Referring to FIG. 7, a drawroller 150 is shown in greater detail. The drawroller comprises a reduced portion 152 which is engaged to a tensioning block 154 having a concave surface 156 which mates with the outer surface of the reduced portion. A tensioning screw 158 engages the tensioning block 154 and is threaded through a plate 160. The transport of the bag stock 22 with the encapsulated article 34 is also shown with the longitudinal seal line 162.
Immediately downstream of the drawroller is the water jacket 164, which is shown in FIG. 8, is modified to include a recess 166 from the prior art water jackets to allow for passage of the article.
Referring to FIG. 9, the leading edge of the bag stock 22 is shown immediately downstream of the sealing bar 168 which forms the side welds and forms the bag 170 which is carried by the platen 172. The transverse side weld is shown as 176.
In the operation of the invention, the bag stock 12 passes over roller 14 and the transparent strip of film material 16 is sealed along one longitudinal edge. The bag stock is folded at 20 to form a bottom edge with the strip sealed along its edge to the bottom of the now-folded bag stock and the fold extending upwardly from the bottom edge.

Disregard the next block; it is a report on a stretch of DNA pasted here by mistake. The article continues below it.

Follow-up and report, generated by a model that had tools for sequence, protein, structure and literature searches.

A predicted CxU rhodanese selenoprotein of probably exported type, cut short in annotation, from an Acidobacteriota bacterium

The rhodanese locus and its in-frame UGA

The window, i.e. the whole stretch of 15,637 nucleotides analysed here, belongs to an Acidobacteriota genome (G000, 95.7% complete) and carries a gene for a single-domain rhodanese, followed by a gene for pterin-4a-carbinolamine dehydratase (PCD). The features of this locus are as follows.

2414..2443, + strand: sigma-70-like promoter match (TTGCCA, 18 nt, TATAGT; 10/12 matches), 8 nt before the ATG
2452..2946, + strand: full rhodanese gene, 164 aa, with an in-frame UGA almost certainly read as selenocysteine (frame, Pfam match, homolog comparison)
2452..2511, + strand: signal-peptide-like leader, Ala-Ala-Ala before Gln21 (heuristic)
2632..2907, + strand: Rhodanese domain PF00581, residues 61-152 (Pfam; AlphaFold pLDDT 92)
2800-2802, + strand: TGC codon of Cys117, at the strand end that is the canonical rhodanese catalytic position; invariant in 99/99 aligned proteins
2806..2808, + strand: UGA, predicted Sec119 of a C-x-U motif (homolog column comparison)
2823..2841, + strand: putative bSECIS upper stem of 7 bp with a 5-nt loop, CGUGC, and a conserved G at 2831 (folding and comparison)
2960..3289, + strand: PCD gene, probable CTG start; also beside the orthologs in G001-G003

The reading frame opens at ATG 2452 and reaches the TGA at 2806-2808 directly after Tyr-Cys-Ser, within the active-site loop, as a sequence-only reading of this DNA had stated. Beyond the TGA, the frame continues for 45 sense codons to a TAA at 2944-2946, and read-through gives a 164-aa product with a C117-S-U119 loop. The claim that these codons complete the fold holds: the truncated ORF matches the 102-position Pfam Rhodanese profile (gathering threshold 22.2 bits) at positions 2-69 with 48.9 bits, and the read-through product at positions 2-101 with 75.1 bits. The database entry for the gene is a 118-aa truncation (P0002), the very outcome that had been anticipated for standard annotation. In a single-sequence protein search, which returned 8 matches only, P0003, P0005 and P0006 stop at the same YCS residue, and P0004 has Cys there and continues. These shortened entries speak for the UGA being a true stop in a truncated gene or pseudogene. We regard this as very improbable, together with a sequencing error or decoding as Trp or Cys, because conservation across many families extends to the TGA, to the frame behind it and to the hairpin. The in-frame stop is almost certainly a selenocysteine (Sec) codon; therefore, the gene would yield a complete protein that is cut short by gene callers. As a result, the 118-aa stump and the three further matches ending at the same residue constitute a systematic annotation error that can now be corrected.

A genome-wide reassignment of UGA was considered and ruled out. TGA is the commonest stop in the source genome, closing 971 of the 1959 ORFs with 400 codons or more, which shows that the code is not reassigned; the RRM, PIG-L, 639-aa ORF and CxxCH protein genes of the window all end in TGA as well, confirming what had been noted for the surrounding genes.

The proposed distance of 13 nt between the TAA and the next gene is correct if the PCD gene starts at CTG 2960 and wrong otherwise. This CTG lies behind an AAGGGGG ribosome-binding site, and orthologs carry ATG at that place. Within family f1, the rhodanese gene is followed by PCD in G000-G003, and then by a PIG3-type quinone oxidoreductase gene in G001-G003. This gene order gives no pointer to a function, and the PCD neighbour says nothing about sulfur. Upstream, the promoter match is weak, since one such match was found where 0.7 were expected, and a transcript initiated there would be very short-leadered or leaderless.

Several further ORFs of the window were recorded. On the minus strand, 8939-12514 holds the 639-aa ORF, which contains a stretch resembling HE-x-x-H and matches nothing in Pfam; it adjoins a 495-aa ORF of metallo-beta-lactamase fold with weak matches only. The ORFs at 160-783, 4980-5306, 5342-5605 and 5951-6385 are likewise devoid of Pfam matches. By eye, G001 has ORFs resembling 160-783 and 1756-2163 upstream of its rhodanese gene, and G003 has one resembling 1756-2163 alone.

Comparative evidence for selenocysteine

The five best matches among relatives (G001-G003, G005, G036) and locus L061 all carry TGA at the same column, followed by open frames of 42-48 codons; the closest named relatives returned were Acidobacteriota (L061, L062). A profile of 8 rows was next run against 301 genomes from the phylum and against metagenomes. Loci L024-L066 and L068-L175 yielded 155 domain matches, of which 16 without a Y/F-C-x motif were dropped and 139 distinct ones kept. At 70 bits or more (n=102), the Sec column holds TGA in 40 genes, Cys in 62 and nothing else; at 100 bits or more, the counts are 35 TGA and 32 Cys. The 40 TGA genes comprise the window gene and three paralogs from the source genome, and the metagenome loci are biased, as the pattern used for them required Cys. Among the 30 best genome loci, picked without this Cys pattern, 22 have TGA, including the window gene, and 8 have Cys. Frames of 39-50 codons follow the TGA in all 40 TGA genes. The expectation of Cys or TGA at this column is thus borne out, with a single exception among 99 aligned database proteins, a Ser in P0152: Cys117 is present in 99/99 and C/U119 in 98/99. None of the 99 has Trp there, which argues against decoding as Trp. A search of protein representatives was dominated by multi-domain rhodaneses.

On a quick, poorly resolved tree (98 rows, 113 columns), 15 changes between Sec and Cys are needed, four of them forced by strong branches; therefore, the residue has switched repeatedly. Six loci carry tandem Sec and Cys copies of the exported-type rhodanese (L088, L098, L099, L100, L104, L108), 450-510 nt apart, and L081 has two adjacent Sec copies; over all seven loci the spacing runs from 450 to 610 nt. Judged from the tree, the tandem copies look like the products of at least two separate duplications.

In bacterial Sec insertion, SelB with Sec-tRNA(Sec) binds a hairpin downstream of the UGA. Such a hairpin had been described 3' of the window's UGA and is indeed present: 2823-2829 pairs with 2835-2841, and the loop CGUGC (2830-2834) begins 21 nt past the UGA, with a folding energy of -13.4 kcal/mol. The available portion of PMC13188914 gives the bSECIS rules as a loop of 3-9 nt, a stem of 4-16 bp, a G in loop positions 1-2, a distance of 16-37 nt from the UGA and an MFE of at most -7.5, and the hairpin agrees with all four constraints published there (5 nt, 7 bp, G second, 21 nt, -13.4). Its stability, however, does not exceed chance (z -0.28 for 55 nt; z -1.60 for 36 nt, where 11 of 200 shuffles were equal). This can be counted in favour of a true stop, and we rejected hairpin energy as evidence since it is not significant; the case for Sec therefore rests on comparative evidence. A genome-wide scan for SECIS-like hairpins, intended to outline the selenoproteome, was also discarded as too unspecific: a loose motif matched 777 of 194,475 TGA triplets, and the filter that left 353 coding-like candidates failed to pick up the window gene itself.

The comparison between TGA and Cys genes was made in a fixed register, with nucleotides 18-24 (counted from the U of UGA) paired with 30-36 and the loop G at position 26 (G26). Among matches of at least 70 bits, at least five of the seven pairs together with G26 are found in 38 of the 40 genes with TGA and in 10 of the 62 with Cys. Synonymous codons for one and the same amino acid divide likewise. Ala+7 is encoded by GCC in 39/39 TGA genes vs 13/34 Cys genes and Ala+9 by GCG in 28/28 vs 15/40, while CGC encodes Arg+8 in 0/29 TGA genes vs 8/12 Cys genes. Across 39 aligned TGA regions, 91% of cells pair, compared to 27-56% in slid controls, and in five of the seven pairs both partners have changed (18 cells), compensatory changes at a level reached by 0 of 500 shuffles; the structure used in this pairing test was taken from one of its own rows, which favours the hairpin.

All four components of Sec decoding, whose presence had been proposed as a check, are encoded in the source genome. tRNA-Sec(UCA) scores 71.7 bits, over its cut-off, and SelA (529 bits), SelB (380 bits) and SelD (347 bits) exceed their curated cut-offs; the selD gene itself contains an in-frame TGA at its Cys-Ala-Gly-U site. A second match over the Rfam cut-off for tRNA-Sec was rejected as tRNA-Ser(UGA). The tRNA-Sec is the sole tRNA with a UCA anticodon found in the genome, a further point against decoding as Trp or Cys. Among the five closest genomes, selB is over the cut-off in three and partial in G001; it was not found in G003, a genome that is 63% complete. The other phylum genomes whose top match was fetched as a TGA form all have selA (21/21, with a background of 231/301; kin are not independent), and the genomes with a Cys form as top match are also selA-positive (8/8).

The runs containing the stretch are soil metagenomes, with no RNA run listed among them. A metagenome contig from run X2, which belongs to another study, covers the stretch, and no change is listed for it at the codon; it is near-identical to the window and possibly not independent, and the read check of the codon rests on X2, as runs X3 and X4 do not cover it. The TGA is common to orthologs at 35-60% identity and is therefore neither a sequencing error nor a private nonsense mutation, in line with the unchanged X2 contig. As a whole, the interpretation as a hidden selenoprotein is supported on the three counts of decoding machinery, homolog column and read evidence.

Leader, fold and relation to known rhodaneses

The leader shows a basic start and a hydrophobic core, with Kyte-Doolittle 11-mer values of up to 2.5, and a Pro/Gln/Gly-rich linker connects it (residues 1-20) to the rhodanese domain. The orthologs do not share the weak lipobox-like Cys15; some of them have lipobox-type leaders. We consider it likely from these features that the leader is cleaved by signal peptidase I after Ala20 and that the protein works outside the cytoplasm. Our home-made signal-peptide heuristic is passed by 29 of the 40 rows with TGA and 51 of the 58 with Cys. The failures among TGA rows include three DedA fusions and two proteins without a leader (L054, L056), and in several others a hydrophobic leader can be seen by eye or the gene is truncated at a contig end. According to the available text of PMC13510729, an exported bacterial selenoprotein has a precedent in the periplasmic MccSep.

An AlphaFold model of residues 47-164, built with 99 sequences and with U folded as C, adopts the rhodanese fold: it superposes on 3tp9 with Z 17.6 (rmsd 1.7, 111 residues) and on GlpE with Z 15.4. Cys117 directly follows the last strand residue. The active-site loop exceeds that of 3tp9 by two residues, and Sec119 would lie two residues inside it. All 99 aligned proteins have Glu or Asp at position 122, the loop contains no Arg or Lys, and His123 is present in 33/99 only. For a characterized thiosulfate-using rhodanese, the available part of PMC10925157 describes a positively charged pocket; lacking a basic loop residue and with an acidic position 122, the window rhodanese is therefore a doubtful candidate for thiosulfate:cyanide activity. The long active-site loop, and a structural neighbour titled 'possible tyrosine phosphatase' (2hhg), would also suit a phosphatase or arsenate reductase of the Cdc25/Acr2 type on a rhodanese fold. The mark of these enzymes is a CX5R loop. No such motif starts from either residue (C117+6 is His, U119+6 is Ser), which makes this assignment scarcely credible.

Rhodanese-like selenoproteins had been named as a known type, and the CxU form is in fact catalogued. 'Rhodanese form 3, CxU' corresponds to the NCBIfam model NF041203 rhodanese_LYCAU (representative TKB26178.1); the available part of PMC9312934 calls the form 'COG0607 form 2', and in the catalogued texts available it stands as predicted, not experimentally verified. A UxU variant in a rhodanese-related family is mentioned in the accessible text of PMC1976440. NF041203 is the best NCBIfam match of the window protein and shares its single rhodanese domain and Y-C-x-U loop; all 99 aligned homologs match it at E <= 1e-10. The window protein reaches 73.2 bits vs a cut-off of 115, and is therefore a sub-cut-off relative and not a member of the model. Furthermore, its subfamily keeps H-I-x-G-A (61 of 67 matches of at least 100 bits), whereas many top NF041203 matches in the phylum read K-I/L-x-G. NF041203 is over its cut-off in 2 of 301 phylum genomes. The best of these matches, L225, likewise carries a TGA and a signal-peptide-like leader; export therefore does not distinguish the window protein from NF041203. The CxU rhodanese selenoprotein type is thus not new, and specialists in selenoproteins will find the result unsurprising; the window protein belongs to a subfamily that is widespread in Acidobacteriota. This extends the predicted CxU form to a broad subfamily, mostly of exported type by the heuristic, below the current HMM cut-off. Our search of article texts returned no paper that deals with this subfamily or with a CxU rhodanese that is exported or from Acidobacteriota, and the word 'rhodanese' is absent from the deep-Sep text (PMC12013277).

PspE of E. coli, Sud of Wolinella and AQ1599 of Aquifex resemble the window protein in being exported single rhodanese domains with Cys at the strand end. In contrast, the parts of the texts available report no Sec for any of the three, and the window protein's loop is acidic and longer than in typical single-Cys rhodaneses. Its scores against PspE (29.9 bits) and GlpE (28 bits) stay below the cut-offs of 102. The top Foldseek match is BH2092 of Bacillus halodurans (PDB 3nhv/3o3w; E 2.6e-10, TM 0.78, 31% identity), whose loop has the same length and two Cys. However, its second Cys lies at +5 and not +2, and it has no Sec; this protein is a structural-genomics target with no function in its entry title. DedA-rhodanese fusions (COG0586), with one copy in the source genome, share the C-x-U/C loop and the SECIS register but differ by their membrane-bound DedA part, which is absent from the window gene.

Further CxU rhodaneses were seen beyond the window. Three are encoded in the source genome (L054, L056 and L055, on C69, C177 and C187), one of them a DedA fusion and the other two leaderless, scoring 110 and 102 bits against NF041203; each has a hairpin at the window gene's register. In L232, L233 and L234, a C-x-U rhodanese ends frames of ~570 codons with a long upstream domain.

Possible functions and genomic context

When the bag stock approaches the feeding section, the rod 80 is originally threaded between the bag stock 22 and the flap 28 to hold the flap 28 in its spaced apart condition. Initially, the article 34 is fed down the chute and is received in the slot 78a of the arm 76a. The stop blades 126 and 144 are in their retracted positions. The member 74 rotates 90°. The article 34 carried by the arm 76a moves to the gluing station. After the arm has rotated approximately 85°, the stop blade 126 extends preventing the article 34 from being dislodged from the slot 78a.
At the acquisition station, the arm 76b acquires an article which is received in its associated slot 78b. At the gluing station, the glue gun deposits a drop of glue on the upper surface of the article 34. The stop blades 126 and 144 are retracted and after the armed member 74 has rotated approximately 85° the stop blades are then moved downwardly to prevent dislodgment of the articles 34.